When you eat, a complicated set of reactions in the body help digest and absorb the food. Gastrin is one of the hormones responsible for the process. Understanding gastrin and its relationship to digestion can help individuals make better choices about their health.
Gastrin is a hormone the stomach produces that stimulates the release of gastric acid. It is located in the G cells in the lining of the stomach and upper small intestine. When you eat, gastrin stimulates the release of gastric acid, an important part of the digestive process.
How does gastrin do?
Gastrin is directly responsible for the release of gastric acid, which breaks down the proteins in the food you eat. Gastric acid also helps the body absorb some of the vitamins in the food and kills much of the bacteria naturally present on food. This helps protect the gut from infection.
Problems associated with gastrin
Improper gastrin levels can instigate problems with digestion. Too much gastrin hormone is associated with Zollinger-Ellison syndrome, a syndrome caused by a gastrin-secreting tumor in the digestive system. This can release too much acid, which can create ulcers in the stomach and small intestine. If stomach acid levels are too high, it can also lead to diarrhea.
High levels of gastrin cells and circulating gastrin hormone can also occur if the pH of the stomach is too high, which can happen when the lining of the stomach is damaged, preventing it from releasing acid. This problem can also take place when an individual is taking antacid medications due to heartburn or gastroesophageal reflux disease (GERD)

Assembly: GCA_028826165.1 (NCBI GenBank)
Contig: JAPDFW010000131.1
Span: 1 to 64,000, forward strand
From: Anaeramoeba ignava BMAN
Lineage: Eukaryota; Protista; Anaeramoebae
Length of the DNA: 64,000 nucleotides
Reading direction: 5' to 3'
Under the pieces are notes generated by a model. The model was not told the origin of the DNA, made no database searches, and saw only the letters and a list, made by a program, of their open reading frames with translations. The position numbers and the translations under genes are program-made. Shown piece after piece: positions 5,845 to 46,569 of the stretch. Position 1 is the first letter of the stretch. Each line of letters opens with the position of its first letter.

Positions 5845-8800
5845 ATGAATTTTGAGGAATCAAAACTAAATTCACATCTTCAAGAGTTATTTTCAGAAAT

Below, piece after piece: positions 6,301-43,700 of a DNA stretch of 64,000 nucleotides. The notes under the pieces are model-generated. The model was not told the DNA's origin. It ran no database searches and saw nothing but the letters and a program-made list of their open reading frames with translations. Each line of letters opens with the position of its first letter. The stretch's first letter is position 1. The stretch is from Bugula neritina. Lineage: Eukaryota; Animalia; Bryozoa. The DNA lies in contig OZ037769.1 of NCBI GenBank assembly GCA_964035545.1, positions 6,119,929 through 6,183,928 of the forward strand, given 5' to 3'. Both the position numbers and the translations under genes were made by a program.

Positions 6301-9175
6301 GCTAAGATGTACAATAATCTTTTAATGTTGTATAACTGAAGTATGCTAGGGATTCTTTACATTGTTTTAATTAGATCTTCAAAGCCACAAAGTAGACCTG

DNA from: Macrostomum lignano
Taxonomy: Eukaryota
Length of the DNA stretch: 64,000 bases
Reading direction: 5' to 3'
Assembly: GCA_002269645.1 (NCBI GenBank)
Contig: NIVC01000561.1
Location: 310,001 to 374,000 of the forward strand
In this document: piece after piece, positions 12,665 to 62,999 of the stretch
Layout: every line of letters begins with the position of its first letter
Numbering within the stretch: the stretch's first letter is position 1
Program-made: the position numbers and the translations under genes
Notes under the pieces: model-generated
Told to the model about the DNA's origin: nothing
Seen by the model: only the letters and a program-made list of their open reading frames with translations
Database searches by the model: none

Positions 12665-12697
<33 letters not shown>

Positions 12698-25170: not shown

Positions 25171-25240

Low gastrin levels are rare. When low levels do occur, the condition can increase the risk of infection in the digestive system and also limits the stomach's ability to absorb nutrients.
Questions to ask your doctor
Because gastrin is a hormone, discuss any concerns with a qualified endocrinologist. If you are worried that high gastrin levels are causing digestive symptoms, consider asking:
The Hormone Health Network is the public education affiliate of the Endocrine Society dedicated to helping both patients and doctors find information on the prevention, treatment and cure of hormone-related conditions.
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